Harald Naegeli – the Sprayer of Zurich
Who is Harald Naegeli?
In the late 1970s, Harald Naegeli became famous all over the world as the “Sprayer of Zurich”. With his illegal graffiti wall paintings, he protested against the urbanization of Zurich and its monotonous cityscape. Under the cover of darkness, he sprayed his stick figures – mostly nature spirits – on buildings and walls that he considered to be boring. With their elegance and feeling of lightness, the Naegeli figures are instantly recognizable. However, with his artwork, the graffiti artist not only caused a stir, but also soon aroused the interest of the police.
From the 1970s onwards, Naegeli embellished what he considered to be boring façades with cheerful, lively stick figures (photo: south façade, University of Zurich).
He was particularly active in the university district, creating 40 figures in the ETH underground car park alone.
Naegeli fled from imminent imprisonment to Germany. Here he had prominent supporters, such as the artist, Joseph Beuys (right).
Naegeli is now a celebrated artist. The commissioned work, “Totentanz” (Dance of Death), in the Grossmünster remains unfinished due to a long-standing dispute.
The artist visits his water goddess, Undine (rear of the Deutsches Seminar, University of Zurich) and shows his unique style of painting.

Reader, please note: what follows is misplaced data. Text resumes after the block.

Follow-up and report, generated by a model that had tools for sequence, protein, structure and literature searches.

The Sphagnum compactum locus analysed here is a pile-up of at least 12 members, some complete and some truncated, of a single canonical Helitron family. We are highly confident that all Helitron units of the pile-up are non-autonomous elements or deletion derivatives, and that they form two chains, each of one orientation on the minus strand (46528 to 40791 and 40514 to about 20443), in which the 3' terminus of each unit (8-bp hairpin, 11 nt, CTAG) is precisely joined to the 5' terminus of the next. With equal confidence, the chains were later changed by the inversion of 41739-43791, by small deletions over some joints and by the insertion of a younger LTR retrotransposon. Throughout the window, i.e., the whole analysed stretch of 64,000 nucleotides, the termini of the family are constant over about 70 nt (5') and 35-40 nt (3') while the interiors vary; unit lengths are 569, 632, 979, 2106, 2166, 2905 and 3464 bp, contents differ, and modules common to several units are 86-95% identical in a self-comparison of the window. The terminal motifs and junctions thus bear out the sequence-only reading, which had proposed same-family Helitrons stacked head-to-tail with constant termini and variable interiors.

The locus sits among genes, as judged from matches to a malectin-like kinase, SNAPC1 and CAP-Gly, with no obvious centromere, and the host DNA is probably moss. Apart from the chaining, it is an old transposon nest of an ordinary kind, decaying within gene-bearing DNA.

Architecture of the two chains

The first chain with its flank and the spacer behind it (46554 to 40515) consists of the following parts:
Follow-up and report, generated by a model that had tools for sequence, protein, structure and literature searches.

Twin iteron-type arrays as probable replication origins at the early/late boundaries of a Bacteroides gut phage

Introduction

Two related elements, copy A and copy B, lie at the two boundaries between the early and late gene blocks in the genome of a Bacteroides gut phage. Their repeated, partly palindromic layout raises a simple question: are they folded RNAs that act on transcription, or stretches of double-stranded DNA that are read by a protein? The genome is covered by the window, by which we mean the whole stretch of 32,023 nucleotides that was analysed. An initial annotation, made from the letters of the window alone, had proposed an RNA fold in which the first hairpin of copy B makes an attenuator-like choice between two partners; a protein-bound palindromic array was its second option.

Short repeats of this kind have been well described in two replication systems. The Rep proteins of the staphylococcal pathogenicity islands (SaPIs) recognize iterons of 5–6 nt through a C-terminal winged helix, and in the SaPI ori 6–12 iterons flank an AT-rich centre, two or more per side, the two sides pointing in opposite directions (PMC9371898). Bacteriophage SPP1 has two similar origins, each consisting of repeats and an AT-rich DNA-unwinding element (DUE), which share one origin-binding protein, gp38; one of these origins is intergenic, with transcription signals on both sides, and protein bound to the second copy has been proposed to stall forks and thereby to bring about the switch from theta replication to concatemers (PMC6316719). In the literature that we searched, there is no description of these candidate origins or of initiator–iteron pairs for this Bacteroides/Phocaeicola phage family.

Cat-and-Mouse Game with the Police
A cat-and-mouse game with the police ensued. The graffiti sprayer managed to keep his identity secret for a long time. He evaded a prison sentence for defacement of property by fleeing to Germany. But despite the support of renowned artists like Joseph Beuys or politicians such as Willy Brandt, Naegeli was eventually arrested and spent six months in jail, having turned himself in to the Swiss police in 1980.
After serving his prison sentence, Naegeli turned his back on Zurich and moved to Düsseldorf. Many of his Zurich works were removed – unfortunately so, many would say in retrospect. It was not until 2020 that the “prodigal son” returned to Zurich. In the meantime, “Naegelis” had appeared again and again, including in Venice. However, even Naegeli experts were never quite sure whether they were really originals. This served to heighten the Naegeli myth.
From Illegal Sprayer to Celebrated Artist
In the meantime, Naegeli's figures, once considered rebellious and anarchic, are recognized as artistic interventions in the everyday world. This was honored in 2020 with the Art Prize of the City of Zurich. Naegeli sees himself as a draftsman who does not just limit himself to paper, but also sees walls as a drawing surface. He is one of the first Swiss artists to devote himself to politically-motivated interventions on the street. The works of this street-art pioneer are now deemed to be art in public spaces.
You can see where his works are located on the Naegeli city map. Or even add more, if they have not yet been recorded:
Spraying is Permitted Here:
Graffiti is not allowed everywhere. In the city of Zurich, however, there are walls that can officially be sprayed on – for instance, at the Oberer Letten or the Rote Fabrik.